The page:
Meta Fraud Frustrations Grow With Latest Bank Intervention

June 15, 2023
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TSB has become the second bank in a month to criticise Meta over fraud, calling on the Facebook and Instagram owner to implement better procedures to prevent scams on its platforms.

TSB has become the second bank in a month to criticise Meta over fraud, calling on the Facebook and Instagram owner to implement better procedures to prevent scams on its platforms.

TSB chief executive Robin Bulloch has written to Meta requesting that it introduces new controls that he claims are necessary to protect UK households from fraud that originates on the bigtech’s platforms.

TSB has warned Meta that scams originating from its platforms account for 80 percent of the fraud it refunds within its three biggest fraud categories: purchase; investment; and impersonation.

Meanwhile, projections from industry data and current fraud levels show that, without the tech interventions required to protect consumers from fraud, scams originating on Meta platforms could account for up to £250m of authorised push payment losses to UK households in 2023.

Regarding its methodology, TSB told VIXIO that the findings derive from UK Finance’s Annual Fraud Report.

This was calculated on the basis that overall trends from 2021-22 flow into 2022-23 and that Meta market share remains the same, while also assuming that this share is consistent across volume and value.

This has then been compared with TSB’s own volume of Meta’s related fraud cases, against the overall industry losses — with purchase fraud at 80 percent, investment at 87 percent and impersonation at 86 percent.

In addition, TSB estimates that more than 70,000 purchase fraud cases — almost 200 a day — took place on Facebook Marketplace in 2022.

“Meta needs to face up to its responsibility" said Paul Davies, TSB’s fraud prevention director. “It has a duty of care to the millions of customers who use its platforms, which is all the more important when we see innocent people lose life-changing sums every day.

“Today, we have written to Meta demanding it puts in place the tech interventions urgently required to stem the tide of fraud and protect the many consumers who put faith in its services.”

Meanwhile, a spokesperson for Meta told VIXIO: “This is an industry-wide issue and scammers are using increasingly sophisticated methods to defraud people in a range of ways including email, SMS and offline.

“We don’t want anyone to fall victim to these criminals which is why our platforms already have systems to block scams, financial services advertisers now have to be FCA authorised to target UK users and we run consumer awareness campaigns on how to spot fraudulent behaviour,” the spokesperson said. “People can also report this content in a few simple clicks and we work with the police to support their investigations.”

What does TSB want?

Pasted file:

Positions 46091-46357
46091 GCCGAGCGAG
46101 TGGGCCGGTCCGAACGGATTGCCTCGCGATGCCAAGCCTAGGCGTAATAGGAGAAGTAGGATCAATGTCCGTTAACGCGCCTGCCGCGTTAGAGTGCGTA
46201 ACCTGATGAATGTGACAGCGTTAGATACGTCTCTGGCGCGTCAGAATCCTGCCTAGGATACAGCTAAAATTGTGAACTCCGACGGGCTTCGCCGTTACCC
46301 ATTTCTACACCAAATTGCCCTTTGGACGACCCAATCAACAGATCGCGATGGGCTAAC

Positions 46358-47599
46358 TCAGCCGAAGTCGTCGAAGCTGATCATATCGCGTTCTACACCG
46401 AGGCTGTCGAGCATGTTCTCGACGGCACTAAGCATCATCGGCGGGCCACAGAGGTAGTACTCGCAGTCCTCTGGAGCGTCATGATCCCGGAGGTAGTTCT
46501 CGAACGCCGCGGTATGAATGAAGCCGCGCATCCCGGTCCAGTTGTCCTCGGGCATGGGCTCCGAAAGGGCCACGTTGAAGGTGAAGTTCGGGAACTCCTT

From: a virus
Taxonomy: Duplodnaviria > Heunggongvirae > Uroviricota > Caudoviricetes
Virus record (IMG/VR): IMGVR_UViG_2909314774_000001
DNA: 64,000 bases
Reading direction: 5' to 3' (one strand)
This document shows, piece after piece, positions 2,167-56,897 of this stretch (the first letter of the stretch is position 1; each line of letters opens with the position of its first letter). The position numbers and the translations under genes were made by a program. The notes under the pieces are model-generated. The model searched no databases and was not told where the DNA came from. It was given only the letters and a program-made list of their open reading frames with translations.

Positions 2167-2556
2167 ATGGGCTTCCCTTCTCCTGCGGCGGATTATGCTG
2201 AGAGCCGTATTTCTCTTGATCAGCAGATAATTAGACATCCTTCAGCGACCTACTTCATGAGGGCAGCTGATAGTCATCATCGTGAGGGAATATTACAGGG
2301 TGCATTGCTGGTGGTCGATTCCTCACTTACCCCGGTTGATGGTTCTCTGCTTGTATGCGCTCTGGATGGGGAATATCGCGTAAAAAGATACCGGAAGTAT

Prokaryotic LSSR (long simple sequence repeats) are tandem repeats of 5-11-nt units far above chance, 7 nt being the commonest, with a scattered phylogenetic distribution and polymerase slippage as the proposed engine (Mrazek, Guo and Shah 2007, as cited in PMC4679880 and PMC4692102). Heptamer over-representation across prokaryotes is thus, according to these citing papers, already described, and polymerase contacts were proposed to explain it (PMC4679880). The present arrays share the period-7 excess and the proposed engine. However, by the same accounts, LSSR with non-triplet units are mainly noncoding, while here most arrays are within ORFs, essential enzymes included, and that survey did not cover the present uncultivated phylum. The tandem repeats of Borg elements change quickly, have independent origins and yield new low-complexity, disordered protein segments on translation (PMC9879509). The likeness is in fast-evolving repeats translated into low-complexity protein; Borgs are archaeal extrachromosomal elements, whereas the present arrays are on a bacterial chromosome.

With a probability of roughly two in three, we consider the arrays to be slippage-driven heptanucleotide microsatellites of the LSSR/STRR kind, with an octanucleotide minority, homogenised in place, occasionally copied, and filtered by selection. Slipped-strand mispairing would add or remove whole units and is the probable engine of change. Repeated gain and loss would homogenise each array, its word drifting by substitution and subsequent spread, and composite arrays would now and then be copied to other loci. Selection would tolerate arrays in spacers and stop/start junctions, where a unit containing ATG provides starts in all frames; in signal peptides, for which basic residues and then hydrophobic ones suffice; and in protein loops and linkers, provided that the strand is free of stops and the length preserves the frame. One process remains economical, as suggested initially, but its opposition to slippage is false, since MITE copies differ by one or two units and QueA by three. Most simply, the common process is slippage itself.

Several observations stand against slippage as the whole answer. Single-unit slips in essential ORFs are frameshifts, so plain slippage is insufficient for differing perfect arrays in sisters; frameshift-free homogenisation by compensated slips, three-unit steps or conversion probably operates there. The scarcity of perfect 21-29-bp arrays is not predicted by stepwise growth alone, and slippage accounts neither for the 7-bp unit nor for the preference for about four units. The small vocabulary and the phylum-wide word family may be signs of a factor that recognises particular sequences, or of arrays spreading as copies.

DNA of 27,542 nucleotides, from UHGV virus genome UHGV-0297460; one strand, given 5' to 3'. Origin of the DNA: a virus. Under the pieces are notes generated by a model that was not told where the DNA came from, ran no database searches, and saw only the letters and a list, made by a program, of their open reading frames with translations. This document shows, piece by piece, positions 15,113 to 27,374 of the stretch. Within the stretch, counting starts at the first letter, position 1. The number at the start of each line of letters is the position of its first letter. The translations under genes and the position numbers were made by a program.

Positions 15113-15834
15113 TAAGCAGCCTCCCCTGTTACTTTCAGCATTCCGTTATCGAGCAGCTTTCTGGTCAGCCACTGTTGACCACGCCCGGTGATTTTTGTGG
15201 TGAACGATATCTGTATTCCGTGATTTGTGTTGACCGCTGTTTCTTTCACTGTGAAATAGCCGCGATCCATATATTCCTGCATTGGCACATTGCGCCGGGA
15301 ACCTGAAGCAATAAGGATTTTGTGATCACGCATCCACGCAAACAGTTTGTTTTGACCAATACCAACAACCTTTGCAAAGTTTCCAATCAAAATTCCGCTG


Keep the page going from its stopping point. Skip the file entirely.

TSB has highlighted the five tech interventions Meta should take that it says would “drastically” reduce fraud.

This includes introducing a secure payment mechanism so people using Facebook Marketplace can pay for goods safely.

Currently, Facebook Marketplace transactions do not go through a recognised payments system and payments can take place directly from a victim to a fraudster.

“Providing such a platform could significantly reduce Marketplace fraud,” TSB says.

TSB has also urged Meta to stop unregulated firms in the UK from using its Facebook and Instagram platforms to advertise investments and financial products, including cryptocurrencies.

Further, the retail banking giant has advised that Meta should “issue a clear public commitment to investigating and, where confirmed, removing all content flagged as potentially fraudulent within 24 hours”, and filtering out and blocking obviously fraudulent adverts and social media posts such as those using terms such as "cash flip" or "crypto offer".

And further, TSB has said that Meta should flag to WhatsApp users when they are contacted from new numbers and warn them to check that the numbers are genuine.

TSB is not the first bank to vent its annoyance with Meta in public.

Lloyds Banking Group said last month that two-thirds of all online shopping scams now start on Facebook and Instagram, with the bank’s fraud prevention chief saying that social media has become a “wild west of online shopping”.

In the UK’s Fraud Strategy, which the Home Office published in April, the government committed to ensuring that “every part of the system is incentivised to take fraud seriously”.

For example, it is expected that the tech sector will need to put in place extra protections for their customers and introduce tough penalties for those who do not via the Online Safety Bill.

The government has also said that large tech companies will need to make it as simple as possible for users to report fraud on their platforms.

Tech companies will also be incentivised by naming and shaming work by the government, which has said that they will “shine a light” on which platforms are the safest.

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